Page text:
During his first visit to Africa, Pope Francis gave two important speeches to non-church groups that were remarkable in their global message about peace, poverty, and the environment. The following article was published in the January-February 2016 issue of NewsNotes.
Of the 19 speeches Pope Francis gave during his six-day visit to Africa, two were given to non-church groups. The first was to the staff of the UN Environmental Center in Nairobi, Kenya, and the second to a group of Muslims in a mosque in Bangui, Central African Republic (CAR). At both of these venues, the popular pope used the platform of a pastoral visit to address global issues from the perspective of those on the periphery and, by doing so, made the periphery the lens for viewing the global realities of climate change and violent conflict.
Just four days before the opening of the Paris Climate Summit, Francis’ speech at the UN Environmental Center echoed environmental concerns outlined in Laudato Si’. First came a call to safeguard the rich biodiverse lungs of our planet, which in Africa include the Congo Basin. Here, Francis linked African environmental movements with those in the Latin American region of the Amazon and called for support for “those international agencies and civil society organizations which draw public attention to these issues.”
A second concern centered on how to respond to the challenge of climate change. Here Francis linked Laudato Si’ with his statements made at the UN in which he said our response to the challenge of climate change “needs to incorporate a social perspective which takes into account the fundamental rights of the poor and the underprivileged” (L.S., 93) and “the misuse and destruction of the environment are also accompanied by a relentless process of exclusion.”(speech to the UN)
Francis then laid out his hope for the Paris Climate Summit: “[The] achievement of a global, transformational agreement based on the principles of solidarity, justice, equality and participation that target the three interrelated goals of lessening the impact of climate change, fighting poverty and ensuring respect for human dignity.” For this vision to become a reality a new “culture of care” must emerge that includes care for oneself, care for others, and care for the environment.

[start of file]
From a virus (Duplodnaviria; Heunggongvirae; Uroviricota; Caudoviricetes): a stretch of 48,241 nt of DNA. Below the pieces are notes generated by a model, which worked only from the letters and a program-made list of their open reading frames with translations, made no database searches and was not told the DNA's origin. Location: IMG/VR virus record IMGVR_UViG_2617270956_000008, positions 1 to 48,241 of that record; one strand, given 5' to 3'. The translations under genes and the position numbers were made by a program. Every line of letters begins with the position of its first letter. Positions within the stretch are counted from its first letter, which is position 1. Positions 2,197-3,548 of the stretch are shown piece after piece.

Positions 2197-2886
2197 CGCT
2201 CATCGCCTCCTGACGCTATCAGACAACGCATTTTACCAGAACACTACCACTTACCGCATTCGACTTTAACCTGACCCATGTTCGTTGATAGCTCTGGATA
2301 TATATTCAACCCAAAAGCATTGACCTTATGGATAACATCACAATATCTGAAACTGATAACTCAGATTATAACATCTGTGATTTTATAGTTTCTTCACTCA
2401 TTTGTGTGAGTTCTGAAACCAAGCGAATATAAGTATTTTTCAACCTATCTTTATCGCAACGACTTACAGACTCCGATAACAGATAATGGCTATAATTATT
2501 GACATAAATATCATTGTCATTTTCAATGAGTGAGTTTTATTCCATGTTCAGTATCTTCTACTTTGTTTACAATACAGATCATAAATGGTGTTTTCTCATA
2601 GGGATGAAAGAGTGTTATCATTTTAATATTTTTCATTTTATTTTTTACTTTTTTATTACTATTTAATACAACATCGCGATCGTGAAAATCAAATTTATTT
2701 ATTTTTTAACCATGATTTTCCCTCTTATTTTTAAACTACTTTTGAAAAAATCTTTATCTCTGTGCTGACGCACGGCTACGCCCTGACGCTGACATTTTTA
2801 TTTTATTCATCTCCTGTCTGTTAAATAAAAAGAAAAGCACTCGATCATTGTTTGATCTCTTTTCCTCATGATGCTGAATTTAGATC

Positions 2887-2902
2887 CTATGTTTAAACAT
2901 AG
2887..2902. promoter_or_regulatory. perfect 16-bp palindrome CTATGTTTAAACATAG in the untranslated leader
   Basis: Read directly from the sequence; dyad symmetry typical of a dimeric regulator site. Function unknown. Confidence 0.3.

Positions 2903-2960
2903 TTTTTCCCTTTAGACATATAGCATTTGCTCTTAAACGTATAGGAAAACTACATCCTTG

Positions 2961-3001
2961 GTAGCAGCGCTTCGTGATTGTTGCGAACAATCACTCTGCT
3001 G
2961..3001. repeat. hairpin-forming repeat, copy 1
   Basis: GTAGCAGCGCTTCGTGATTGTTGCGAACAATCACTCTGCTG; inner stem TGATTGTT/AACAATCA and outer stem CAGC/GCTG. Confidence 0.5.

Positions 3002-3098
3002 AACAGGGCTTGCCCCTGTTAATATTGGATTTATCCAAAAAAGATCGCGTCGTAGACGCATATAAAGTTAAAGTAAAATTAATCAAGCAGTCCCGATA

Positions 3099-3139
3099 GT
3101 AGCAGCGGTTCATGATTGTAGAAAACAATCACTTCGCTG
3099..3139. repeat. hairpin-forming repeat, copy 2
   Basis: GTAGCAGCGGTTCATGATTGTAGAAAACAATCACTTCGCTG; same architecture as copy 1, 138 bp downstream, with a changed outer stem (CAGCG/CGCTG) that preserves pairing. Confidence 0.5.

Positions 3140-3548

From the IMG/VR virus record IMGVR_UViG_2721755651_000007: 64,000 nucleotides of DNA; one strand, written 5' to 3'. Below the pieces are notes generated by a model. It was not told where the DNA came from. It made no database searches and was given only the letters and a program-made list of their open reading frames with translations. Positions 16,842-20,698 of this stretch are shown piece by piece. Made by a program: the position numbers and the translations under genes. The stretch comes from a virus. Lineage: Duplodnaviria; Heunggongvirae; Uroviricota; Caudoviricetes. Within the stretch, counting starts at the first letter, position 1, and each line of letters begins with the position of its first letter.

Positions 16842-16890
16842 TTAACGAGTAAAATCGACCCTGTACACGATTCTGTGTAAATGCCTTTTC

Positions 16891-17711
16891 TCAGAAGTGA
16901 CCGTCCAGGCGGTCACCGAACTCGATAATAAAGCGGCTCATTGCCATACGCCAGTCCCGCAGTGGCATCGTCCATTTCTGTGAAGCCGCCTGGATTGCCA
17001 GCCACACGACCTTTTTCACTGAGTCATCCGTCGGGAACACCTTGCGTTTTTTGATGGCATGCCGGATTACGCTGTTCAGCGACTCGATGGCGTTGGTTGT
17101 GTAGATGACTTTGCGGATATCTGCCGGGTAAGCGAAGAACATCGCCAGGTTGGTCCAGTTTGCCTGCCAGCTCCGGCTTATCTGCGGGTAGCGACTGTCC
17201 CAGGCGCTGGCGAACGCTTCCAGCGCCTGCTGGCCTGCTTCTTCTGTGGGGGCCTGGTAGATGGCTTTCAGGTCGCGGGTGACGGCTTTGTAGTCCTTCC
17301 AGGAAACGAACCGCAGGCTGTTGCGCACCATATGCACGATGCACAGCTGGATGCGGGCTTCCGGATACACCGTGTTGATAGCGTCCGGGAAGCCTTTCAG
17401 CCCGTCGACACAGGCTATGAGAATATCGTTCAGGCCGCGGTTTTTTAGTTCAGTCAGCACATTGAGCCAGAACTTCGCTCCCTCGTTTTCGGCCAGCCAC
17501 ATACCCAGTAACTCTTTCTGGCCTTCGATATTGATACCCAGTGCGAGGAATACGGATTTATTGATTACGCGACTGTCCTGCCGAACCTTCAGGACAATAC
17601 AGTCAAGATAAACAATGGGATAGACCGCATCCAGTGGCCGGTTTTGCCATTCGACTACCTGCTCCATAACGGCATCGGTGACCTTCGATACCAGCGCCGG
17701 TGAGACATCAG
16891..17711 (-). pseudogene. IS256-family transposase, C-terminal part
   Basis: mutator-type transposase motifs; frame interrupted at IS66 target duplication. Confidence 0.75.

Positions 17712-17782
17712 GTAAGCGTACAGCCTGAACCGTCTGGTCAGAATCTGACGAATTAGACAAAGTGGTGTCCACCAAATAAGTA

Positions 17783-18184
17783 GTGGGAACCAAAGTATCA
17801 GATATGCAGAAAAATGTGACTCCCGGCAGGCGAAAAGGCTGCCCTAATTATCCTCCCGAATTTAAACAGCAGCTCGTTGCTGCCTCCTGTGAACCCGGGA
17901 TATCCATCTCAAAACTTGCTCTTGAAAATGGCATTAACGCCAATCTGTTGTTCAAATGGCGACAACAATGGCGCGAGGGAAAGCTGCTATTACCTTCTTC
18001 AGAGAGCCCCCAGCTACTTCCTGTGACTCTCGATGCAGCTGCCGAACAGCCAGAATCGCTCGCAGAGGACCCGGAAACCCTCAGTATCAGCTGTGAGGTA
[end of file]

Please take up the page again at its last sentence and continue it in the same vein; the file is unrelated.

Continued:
Two other concerns unfolded in Francis’ wide-ranging speech: urbanization and international criminal trafficking. Again, Francis laid out a vision of what should be strived for as urban populations in Africa explode. Urban slum dwellers should have the basic rights of land, lodging and labor – realities that escape many in the crowded Kangemi area of Nairobi where Francis made a visit and spoke freely with young people whom he urged to avoid the lures of drug trafficking and crime. To the well-heeled elites at the UN Environmental Center Francis stated a clear challenge: “We cannot be silent about forms of illegal trafficking which arise in situations of poverty and in turn lead to greater poverty and exclusion.”
The final stop of Francis’ Africa tour was Bangui, the capital of CAR. While geographically this former French colony sits in the heart of Africa, most would have trouble finding it on a map, and many wondered why the pope insisted on visiting this war-torn nation. Once again, the deeper purpose of his visit came to light: to make the concerns of those who are excluded and marginalized a focal point for the global Church.
In the Catholic cathedral, Francis urged his followers to become “practitioners of forgiveness, specialists in reconciliation, experts in mercy,” no small task in a nation locked in bitter inter-religious conflict. His appeal “to all those who make unjust use of the weapons of this world, I make this appeal: lay down these instruments of death!” was met with a roar of approval.
The next day at Bangui’s Koudoukou mosque, Francis spoke to the Muslim community, greeting them as friends and standing with them in prayer directed towards Mecca. He went out of his way to link his pastoral visit to the larger task of interreligious encounter that is so needed in CAR. He then told the audience that he considers Muslims and Christians to be brothers, and that brotherhood has “consequences in how we consider ourselves and conduct ourselves.” As he has done throughout the world, Francis also called for a refusal of hatred, revenge and violence, especially violence perpetrated in the name of a religion or of God.
Finally, Francis praised both Muslims and Christians for playing an important role in re-establishing harmony among all citizens of CAR and reminded them of the many acts of solidarity they had shown to their fellow citizens by welcoming them and defending them during this latest crisis. A few weeks later in northeast Kenya this bold religious solidarity was on display. When a bus was attacked by Al Shabaab militants and Muslim passengers were told to separate themselves from non-Muslims, they refused to do so and even went so far as sharing their religious garb with non-Muslims so they would not be identified easily